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a glutathione-activated near-infrared fluorescent probe

已有 512 次阅读 2023-12-13 16:55 |系统分类:论文交流

​Evaluation of erastin synergized cisplatin anti-nasopharyngeal carcinoma effect with a glutathione-activated near-infrared fluorescent probe

Author links open overlay panelRong He【何榕】 a b c,Dandan Tang【唐丹丹】 b,Ningge Xu【胥宁格】 b,Heng Liu【刘恒】 a b,Kun Dou【窦昆】 a b,Xuejun Zhou【周学军】 a b,Fabiao Yu【于法标】 a b

  • aDepartment of Otolaryngology, Head and Neck Surgery, The First Affiliated Hospital of Hainan Medical University, Haikou 570102, China

  • bKey Laboratory of Hainan Trauma and Disaster Rescue, Key Laboratory of Emergency and Trauma, Ministry of Education, Engineering Research Center for Hainan Bio-Smart Materials and Bio-Medical Devices, College of Emergency and Trauma, Hainan Medical University, Haikou 571199, China

  • cSichuan Provincial General Hospital of Judicial Police, Chengdu 610225, China

Received 13 April 2023, Revised 2 June 2023, Accepted 6 June 2023, Available online 7 June 2023, Version of Record 24 November 2023.

https://doi.org/10.1016/j.cclet.2023.108658


Abstract

Nasopharyngeal carcinoma (NPC), a malignant tumor originating from the nasopharynx, is one of the common malignant tumors of the head and neck. There are significant geographical differences in the incidence of nasopharyngeal carcinoma, with a high incidence in China and Southeast Asian countries. Herein, we designed and synthesized a novel near-infrared fluorescent (NIRF) probe to detect glutathione (GSH) in cellular and tumor environments using semi-naphthofluorescein (SNAFL) as the fluorescent molecular backbone and 2-fluoro-4-nitrobenzenesulfonate as the recognition moiety. Upon reaction with GSH, SNAFL-GSH emitted a fluorescence signal, and its emission wavelength at 650 nm was remarkably enhanced. The results of selectivity experiments indicated that SNAFL-GSH was able to discriminate GSH from Cys, Hcy, and H2S. Moreover, SNAFL-GSH could image both endogenous and exogenous GSH and distinguish normal and cancer cells by fluorescence signal difference. At the cellular level, cisplatin (DDP)-induced ferroptosis and inhibition of proliferation of various NPC cell lines (CNE2, CNE1, 5–8F cells) by erastin combined with DDP were visualized with the help of SNAFL-GSH. In a mouse tumor xenograft model, we successfully employed SNAFL-GSH for the evaluation of the efficacy of erastin combined with DDP in the treatment of NPC. More importantly, the probe could image cancerous tissue sections from NPC patients with an imaging depth of approximately 80 µm. It was foreseen that SNAFL-GSH offered great potential for application in the diagnosis and evaluation of the therapeutic efficacy of NPC, and these results would also provide new ideas for the clinical treatment of NPC.

Graphical abstract

A highly selective near-infrared fluorescent (NIRF) probe SNAFL-glutathione (GSH) for GSH detection based on a SNAFL fluorophore was designed and synthesized. SNAFL-GSH had the ability to differentiate cancer cells from normal cells and visualize variations in GSH concentration levels during drug erastin, cisplatin (DDP), or erastin plus DDP induction.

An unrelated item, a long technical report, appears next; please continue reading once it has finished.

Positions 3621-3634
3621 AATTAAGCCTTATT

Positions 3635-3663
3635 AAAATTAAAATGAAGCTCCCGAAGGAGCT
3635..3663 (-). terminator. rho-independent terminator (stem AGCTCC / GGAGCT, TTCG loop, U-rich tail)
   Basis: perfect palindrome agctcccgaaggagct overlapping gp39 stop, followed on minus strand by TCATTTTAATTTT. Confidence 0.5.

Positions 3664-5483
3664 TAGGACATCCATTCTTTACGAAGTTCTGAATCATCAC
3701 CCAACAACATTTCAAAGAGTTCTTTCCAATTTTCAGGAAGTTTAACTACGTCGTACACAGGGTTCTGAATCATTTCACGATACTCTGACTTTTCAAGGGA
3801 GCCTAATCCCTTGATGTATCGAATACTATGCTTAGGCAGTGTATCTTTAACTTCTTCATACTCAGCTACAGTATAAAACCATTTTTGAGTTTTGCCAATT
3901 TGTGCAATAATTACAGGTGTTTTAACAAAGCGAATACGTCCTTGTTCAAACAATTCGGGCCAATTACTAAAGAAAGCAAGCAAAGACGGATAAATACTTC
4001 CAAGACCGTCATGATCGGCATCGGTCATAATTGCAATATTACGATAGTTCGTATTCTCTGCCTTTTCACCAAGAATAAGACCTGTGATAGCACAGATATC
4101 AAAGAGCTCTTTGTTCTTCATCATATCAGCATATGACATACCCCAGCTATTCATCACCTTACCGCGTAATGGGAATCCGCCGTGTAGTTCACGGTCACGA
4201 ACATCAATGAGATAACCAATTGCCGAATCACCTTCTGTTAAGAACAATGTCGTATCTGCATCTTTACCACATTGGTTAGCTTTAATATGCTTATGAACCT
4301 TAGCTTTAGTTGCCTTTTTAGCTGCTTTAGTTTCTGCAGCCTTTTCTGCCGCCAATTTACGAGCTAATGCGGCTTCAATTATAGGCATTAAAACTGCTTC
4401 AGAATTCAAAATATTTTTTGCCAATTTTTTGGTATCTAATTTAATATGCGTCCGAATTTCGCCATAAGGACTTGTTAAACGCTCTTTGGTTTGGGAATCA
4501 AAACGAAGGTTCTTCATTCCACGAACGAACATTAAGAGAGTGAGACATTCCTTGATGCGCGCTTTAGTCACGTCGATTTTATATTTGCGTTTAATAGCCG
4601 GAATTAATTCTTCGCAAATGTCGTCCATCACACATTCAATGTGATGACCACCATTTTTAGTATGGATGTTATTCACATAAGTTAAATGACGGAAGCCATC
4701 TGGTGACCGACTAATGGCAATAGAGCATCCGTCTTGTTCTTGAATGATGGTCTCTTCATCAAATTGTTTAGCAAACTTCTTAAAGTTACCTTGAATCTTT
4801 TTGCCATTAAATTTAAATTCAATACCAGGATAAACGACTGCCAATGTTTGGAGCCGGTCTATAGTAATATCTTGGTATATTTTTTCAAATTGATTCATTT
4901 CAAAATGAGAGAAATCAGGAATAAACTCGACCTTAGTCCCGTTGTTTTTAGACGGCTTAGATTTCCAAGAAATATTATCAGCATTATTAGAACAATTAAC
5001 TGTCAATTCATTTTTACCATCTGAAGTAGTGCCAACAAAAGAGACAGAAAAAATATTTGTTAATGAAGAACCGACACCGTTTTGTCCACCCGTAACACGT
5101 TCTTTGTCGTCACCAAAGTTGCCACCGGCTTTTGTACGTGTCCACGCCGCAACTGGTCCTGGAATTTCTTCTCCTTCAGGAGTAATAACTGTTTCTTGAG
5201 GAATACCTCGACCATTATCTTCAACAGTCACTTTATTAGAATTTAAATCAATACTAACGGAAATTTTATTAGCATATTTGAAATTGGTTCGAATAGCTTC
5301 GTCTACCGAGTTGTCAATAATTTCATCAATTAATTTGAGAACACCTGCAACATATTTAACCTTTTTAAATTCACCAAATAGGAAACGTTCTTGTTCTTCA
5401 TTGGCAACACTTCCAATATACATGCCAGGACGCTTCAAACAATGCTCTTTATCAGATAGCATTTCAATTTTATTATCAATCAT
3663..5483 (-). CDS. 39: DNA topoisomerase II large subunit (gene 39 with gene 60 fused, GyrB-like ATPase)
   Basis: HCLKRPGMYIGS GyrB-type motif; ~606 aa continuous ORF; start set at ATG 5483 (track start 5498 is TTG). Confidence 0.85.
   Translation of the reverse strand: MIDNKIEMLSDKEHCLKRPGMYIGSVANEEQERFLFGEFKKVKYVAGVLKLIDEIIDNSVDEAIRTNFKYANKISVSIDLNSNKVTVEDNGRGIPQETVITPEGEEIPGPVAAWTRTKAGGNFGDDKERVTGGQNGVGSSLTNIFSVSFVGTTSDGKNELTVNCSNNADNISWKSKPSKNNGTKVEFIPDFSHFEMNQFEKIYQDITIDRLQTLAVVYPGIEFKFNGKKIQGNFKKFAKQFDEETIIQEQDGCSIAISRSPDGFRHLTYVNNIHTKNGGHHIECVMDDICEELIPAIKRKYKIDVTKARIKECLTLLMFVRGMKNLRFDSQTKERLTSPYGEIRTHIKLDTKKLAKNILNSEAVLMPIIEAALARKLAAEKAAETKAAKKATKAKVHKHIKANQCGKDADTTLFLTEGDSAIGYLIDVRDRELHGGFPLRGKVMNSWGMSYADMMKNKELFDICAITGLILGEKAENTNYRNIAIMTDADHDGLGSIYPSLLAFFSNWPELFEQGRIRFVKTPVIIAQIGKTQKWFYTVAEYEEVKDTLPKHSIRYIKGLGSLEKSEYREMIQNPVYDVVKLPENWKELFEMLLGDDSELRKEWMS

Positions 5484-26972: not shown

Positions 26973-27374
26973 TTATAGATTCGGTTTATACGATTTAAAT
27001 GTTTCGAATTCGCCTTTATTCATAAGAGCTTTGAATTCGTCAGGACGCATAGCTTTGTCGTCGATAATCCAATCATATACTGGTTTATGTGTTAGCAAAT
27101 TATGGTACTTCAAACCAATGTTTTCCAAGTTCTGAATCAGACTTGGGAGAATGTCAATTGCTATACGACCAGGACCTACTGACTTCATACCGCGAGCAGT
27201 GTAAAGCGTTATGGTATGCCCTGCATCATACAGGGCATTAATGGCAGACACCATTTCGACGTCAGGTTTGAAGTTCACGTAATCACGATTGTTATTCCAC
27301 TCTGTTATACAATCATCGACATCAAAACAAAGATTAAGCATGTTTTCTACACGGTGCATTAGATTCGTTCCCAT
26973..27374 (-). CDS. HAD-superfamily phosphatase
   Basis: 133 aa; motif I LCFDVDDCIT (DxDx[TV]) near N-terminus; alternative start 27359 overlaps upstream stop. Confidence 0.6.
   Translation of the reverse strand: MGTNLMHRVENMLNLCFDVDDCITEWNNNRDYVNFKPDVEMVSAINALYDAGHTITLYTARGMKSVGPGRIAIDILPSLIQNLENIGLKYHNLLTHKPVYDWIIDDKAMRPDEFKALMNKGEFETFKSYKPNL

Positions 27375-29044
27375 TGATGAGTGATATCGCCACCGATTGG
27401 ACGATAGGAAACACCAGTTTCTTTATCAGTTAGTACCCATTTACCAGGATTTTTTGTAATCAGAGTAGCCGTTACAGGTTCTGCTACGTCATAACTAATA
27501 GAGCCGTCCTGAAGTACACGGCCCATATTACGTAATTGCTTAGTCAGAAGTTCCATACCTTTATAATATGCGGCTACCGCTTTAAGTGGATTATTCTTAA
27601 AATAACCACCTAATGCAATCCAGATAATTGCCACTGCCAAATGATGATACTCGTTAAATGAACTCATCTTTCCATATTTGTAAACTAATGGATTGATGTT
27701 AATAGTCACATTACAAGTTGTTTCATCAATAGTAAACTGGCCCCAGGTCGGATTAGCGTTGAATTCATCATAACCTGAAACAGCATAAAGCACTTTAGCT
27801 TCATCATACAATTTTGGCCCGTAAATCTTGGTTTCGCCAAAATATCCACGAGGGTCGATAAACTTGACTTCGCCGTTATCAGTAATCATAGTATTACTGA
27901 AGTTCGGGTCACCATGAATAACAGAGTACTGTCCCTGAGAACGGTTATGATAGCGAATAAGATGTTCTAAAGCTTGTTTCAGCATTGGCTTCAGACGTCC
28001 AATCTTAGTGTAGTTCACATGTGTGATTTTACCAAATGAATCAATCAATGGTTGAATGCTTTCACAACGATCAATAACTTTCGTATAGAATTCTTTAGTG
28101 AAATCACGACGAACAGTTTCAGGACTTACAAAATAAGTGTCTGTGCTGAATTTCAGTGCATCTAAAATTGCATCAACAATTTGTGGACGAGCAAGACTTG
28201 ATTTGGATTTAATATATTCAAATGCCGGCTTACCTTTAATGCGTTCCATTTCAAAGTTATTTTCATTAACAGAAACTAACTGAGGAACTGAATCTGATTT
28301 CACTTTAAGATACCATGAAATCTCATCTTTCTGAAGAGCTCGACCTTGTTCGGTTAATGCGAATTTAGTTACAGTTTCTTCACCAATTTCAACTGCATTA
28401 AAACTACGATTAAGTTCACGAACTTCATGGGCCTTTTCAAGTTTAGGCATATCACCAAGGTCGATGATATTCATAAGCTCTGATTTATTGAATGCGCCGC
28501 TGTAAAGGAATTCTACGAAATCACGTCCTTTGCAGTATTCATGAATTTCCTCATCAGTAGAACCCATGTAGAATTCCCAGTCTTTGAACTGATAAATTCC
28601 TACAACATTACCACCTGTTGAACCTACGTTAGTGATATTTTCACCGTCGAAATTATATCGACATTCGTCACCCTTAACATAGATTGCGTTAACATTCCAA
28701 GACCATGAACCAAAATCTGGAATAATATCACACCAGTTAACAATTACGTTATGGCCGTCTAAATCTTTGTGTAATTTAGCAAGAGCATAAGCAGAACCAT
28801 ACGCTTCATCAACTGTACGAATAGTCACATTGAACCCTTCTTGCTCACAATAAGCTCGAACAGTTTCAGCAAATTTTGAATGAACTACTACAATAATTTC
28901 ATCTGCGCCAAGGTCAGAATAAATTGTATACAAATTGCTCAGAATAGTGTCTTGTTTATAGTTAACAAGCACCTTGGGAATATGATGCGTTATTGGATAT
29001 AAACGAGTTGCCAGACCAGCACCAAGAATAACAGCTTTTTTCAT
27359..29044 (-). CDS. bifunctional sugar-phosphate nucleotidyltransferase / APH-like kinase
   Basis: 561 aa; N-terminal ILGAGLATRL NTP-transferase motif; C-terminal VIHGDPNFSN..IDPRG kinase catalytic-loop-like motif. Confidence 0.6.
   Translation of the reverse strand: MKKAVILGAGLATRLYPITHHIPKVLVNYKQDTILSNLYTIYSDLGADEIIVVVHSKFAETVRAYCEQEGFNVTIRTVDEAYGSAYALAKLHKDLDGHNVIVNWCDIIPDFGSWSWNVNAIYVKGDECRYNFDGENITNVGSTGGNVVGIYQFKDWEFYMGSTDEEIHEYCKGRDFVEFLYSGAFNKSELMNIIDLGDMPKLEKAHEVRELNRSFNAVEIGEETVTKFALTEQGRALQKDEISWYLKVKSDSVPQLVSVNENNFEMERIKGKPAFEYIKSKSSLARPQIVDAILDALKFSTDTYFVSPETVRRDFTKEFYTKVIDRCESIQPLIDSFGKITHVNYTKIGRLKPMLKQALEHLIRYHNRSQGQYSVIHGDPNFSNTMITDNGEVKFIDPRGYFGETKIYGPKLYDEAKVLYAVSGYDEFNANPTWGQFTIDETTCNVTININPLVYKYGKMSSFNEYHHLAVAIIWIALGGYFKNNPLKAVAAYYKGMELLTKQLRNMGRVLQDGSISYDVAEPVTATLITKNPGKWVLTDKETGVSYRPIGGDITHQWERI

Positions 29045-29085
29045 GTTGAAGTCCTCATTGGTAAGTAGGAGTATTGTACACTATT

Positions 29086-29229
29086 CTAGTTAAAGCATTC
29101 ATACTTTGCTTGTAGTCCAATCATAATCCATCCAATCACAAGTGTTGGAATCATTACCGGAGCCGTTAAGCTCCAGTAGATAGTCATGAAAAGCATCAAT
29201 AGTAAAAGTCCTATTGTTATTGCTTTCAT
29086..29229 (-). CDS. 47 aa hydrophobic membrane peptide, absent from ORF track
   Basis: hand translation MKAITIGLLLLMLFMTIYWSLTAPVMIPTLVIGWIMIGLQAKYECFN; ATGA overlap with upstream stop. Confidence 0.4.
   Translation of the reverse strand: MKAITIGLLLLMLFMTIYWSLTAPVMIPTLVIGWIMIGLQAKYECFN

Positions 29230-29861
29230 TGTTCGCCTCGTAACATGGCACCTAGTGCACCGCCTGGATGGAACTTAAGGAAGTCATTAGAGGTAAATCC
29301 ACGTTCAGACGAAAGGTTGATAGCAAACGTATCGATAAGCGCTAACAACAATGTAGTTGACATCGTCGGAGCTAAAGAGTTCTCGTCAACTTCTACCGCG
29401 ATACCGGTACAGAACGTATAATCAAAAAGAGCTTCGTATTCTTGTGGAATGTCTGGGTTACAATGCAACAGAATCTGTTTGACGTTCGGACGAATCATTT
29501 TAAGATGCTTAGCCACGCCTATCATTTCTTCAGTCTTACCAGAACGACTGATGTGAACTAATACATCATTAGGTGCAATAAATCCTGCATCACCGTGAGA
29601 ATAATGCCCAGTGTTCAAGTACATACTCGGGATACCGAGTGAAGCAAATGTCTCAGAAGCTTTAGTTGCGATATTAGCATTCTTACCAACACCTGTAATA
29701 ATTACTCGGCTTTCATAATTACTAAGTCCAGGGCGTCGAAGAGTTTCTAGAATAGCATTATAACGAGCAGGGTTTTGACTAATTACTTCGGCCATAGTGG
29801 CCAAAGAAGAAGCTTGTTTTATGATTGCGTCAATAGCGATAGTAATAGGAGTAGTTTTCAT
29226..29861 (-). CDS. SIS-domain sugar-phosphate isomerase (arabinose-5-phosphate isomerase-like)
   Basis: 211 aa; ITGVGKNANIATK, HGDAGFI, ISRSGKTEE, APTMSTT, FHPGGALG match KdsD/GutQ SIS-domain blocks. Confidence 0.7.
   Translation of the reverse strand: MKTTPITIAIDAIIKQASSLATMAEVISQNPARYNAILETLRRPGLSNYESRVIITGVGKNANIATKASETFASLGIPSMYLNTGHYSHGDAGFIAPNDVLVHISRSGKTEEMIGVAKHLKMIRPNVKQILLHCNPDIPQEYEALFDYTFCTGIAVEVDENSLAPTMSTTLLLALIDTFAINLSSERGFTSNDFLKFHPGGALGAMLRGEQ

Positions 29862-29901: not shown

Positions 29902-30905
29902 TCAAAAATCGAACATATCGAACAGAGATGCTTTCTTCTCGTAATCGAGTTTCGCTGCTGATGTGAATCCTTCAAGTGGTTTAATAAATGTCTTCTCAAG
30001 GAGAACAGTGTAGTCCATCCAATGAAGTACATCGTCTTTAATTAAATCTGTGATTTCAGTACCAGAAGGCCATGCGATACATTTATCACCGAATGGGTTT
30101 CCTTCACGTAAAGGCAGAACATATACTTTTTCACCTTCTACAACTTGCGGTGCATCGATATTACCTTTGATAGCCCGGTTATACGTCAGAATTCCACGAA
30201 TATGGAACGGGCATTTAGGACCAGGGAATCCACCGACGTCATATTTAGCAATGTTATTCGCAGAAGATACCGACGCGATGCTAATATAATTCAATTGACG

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Numerous techniques have been employed to measure GSH in biological samples, including Raman spectroscopy, high- performance liquid chromatography (HPLC), mass spectrometry, etc . [ 17 , 18 ]. These analytical methods are not well-suited for real- time detection of GSH in live cells and in vivo due to the com- plex pre-treatment and long analysis time required. In order to improve the comprehension of GSH, there is a need to develop strategies capable of monitoring GSH in biosystems. Until now, considerable effort s have been devoted to the development of ef- fective fluorescent probes for tracking GSH in biosystems [19–22] . In light of the sensing mechanism, GSH fluorescent probes involve S-O bond cleavage [23–25] , nucleophilic aromatic substitution [26–31] , Michael addition [32–34] , disulfide bond cleavage [35] , and so on [36–40] . Some of these reported probes are still limited by long response times and poor selectivity, which makes it still challeng- ing to design fluorescent probes with high specificity and rapid response to GSH. Furthermore, there are no available fluorescent probes for dynamic visual monitoring of the efficacy of erastin syn- ergistic DDP for NPC treatment. In this contribution, we fabricated a highly selective near- infrared fluorescent (NIRF) probe for GSH detection and in vivo imaging based on a semi-naphthofluorescein (SNAFL) fluo- rophore. Because the hydroxyl group of the SNAFL fluorophore was masked by the electron-withdrawing group 2-fluoro-4- nitrobenzenesulfonyl, making its intramolecular charge transfer (ICT) hindered, SNAFL-GSH barely fluoresces in the absence of GSH. The addition of GSH triggered the release of the fluorophore, caus- ing a strong fluorescent signal. Using this probe, we monitored changes in GSH levels in cells and tumor-bearing mice. The re- sults showed that DDP induces ferroptosis in cancer cells, while erastin enhanced the therapeutic effect of DDP on tumor-bearing mice. It is well known that fluorescent probes emitting light in the near-infrared (NIR) range (650–900 nm) are more desirable for in vivo imaging [41–46] . SNAFL fluorophores featured high fluo- rescence quantum efficiency, photostability, and excellent cell per- meability and were often employed in the design of fluorescent probes [ 47 , 48 ]. By attaching 2-fluoro-4-nitrobenzenesulfonyl chlo- ride to the SNAFL fluorophore, we synthesized the NIR fluorescent probe SNAFL-GSH. Compared to the previously widely reported 2,4-dinitrobenzenesulfonate, 2-fluoro-4-nitrobenzenesulfonate ex- hibited higher selectivity for GSH [49–52] . As presented in Figs. 1 a and b, the electron-withdrawing group 2-fluoro-4-nitrobenzene sulfonyl effectively inhibited ICT in the structure of SNAFL and quenches the fluorescence emission of SNAFL-GSH. In the presence of GSH, GSH nucleophilically attacked the 2-fluoro-4-nitrophenyl group and triggered intense NIR fluorescence emission by specif- ically cleaving the C-S bond to restore the push-pull electron sys- tem in SNAFL. In addition, recording the change in fluorescence in- tensity of SNAFL-GSH at 650 nm allowed the quantification of GSH. To verify the reaction mechanism of SNAFL-GSH with GSH, mass spectrum was performed. As seen in Figs. S6 and S7 (Supporting information), the reaction of SNAFL-GSH with excess GSH resulted